Bradley S. Jacobs

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Bradley Jacobs
Born (1956-08-03) August 3, 1956 (age 64)
Alma mater
Known for
Net worth$2.1 billion (May 2020)[1]

Bradley “Brad” Jacobs (born August 3, 1956 in Providence, Rhode Island) is an American businessman. He is the chairman and chief executive officer of XPO Logistics, Inc.[2][3][4] and the managing director of Jacobs Private Equity, LLC.[5]

Early life and education[edit]

Jacobs was born in Providence, Rhode Island. He attended Northfield Mount Hermon School, Bennington College, and Brown University.[6]


Jacobs has founded five billion-dollar or multi-billion-dollar corporations, including three publicly traded companies - XPO Logistics, United Rentals, and United Waste Systems – whose share prices rose more than 1,000% after he took control.[7][8]

Over the course of his career, Jacobs has completed approximately 500 acquisitions and 250 greenfield openings, and raised more than $25 billion in debt and equity capital financing, including two IPOs.[9] Jacobs was #388 on the Forbes 400 list, with a net worth of $2.1 billion as of May 2020.[5]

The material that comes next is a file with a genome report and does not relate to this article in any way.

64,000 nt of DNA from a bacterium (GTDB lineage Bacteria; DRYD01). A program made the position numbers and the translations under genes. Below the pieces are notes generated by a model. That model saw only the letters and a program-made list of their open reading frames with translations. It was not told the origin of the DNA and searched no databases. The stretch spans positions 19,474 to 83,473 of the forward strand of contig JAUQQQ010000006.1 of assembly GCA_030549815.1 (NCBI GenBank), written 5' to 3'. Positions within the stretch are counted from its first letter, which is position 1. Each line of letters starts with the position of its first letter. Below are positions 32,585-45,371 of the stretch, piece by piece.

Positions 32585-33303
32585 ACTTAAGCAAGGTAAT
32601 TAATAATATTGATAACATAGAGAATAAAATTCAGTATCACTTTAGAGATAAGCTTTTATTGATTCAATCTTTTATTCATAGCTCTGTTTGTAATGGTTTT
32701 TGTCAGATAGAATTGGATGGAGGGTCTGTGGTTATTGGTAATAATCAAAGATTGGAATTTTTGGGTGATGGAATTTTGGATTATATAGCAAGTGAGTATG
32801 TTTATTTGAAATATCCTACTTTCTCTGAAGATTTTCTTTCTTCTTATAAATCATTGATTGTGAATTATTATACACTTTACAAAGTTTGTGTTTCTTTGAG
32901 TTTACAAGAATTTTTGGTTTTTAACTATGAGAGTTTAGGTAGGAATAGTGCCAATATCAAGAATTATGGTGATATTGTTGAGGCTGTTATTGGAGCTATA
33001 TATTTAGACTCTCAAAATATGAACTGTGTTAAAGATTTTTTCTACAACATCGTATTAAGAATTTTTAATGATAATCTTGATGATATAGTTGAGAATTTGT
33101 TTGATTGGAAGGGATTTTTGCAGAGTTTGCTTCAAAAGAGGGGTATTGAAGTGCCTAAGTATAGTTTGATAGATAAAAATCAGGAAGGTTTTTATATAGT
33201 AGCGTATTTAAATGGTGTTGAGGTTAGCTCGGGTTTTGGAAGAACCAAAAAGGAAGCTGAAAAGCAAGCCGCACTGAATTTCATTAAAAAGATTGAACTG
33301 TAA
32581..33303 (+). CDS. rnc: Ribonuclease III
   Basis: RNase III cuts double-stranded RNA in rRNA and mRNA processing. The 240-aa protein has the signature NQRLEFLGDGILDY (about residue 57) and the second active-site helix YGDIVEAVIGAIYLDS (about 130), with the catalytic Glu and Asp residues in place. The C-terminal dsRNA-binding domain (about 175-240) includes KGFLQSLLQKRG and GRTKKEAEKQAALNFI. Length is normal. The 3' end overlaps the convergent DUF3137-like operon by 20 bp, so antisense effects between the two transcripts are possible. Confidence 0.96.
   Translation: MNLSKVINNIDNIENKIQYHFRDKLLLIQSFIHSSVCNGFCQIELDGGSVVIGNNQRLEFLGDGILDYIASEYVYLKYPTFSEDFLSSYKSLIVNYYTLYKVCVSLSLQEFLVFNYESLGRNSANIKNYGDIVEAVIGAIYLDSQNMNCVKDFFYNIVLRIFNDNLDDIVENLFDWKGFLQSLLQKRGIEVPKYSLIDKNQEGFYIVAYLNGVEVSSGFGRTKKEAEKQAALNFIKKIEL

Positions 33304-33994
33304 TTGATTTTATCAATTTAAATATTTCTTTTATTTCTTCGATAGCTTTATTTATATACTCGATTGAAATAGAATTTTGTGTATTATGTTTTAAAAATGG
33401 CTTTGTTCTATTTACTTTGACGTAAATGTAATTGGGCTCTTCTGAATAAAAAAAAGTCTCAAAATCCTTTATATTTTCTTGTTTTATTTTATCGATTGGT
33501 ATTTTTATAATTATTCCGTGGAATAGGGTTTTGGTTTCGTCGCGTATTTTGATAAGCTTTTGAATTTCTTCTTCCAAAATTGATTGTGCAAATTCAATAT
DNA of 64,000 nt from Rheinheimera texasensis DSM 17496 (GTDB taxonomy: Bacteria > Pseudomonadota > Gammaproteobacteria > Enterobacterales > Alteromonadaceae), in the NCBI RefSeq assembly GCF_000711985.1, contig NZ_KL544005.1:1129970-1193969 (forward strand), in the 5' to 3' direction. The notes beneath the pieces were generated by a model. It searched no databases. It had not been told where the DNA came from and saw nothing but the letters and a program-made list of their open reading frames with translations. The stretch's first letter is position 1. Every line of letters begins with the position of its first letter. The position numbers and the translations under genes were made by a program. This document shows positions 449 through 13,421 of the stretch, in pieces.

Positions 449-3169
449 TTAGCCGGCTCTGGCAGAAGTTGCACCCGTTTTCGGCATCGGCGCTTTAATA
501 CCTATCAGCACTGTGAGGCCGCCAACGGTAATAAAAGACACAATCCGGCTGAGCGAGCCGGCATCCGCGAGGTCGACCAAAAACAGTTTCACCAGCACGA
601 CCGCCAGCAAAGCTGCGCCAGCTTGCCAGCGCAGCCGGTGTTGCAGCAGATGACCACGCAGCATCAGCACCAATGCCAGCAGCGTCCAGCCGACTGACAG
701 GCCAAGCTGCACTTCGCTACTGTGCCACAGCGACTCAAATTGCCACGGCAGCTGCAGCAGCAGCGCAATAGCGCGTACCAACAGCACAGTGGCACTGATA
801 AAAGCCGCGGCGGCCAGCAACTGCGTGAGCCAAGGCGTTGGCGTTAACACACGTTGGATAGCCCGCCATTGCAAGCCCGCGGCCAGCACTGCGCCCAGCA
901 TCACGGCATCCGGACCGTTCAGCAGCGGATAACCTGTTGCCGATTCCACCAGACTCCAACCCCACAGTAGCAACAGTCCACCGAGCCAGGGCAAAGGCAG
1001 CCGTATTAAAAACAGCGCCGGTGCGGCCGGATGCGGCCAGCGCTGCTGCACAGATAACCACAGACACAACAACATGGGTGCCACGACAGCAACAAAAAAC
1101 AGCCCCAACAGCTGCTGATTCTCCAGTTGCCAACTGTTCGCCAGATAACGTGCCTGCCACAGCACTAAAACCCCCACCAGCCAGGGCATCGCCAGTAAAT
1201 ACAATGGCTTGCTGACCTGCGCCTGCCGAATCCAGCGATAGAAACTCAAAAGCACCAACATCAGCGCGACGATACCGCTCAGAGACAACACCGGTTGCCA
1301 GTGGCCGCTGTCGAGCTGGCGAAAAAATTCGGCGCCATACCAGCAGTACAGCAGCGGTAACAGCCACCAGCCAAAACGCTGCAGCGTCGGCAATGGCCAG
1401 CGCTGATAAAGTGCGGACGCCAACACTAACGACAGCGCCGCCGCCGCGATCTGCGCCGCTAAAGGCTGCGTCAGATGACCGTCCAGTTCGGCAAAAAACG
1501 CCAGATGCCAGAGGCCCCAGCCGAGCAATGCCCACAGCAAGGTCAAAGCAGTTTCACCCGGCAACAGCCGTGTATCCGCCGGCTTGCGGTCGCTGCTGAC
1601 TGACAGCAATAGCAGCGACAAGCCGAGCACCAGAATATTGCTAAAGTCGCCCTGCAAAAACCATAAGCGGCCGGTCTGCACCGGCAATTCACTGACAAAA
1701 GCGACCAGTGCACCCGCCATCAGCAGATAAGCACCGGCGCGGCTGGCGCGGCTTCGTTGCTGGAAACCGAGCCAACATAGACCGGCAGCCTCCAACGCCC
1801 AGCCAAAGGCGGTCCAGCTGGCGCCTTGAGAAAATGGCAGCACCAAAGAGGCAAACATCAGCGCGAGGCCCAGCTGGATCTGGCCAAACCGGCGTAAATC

Amerex Oil Associates, Inc.[edit]

In 1979, Jacobs co-founded Amerex Oil Associates Inc., an oil brokerage firm with offices in New Jersey, Houston, London, and Tokyo.[5][10][11] He served as Amerex's chief executive officer until the firm was sold in 1983. During that time, the company's annual gross contract volume had grown to approximately $4.7 billion.[5]

Hamilton Resources Ltd.[edit]

In 1984, Jacobs moved to London and founded Hamilton Resources (UK) Ltd., an oil trading company.[6] In founding the company, Jacobs had used the bulk of his savings and a $1 billion line of credit from Banque Paribas.[11] He grew Hamilton to approximately $1 billion in annual revenue.[6]

United Waste Systems, Inc.[edit]

In 1989, Jacobs founded United Waste Systems in Greenwich, Connecticut, and began consolidating small garbage collectors that had overlapping routes in rural areas.[10] Jacobs served as chairman and chief executive officer,[12] and in 1992 he took the company public. In August 1997, after the company had made more than 200 acquisitions,[13] Jacobs sold United Waste Systems to USA Waste Services Inc. (now known as Waste Management, Inc.) for $2.5 billion.[11][14][15] When it was sold, United Waste Systems was the fifth-largest solid waste management company in North America, and its stock had outperformed the S&P 500 Index by 5.6 times since its IPO.[5][14][16]

United Rentals, Inc.[edit]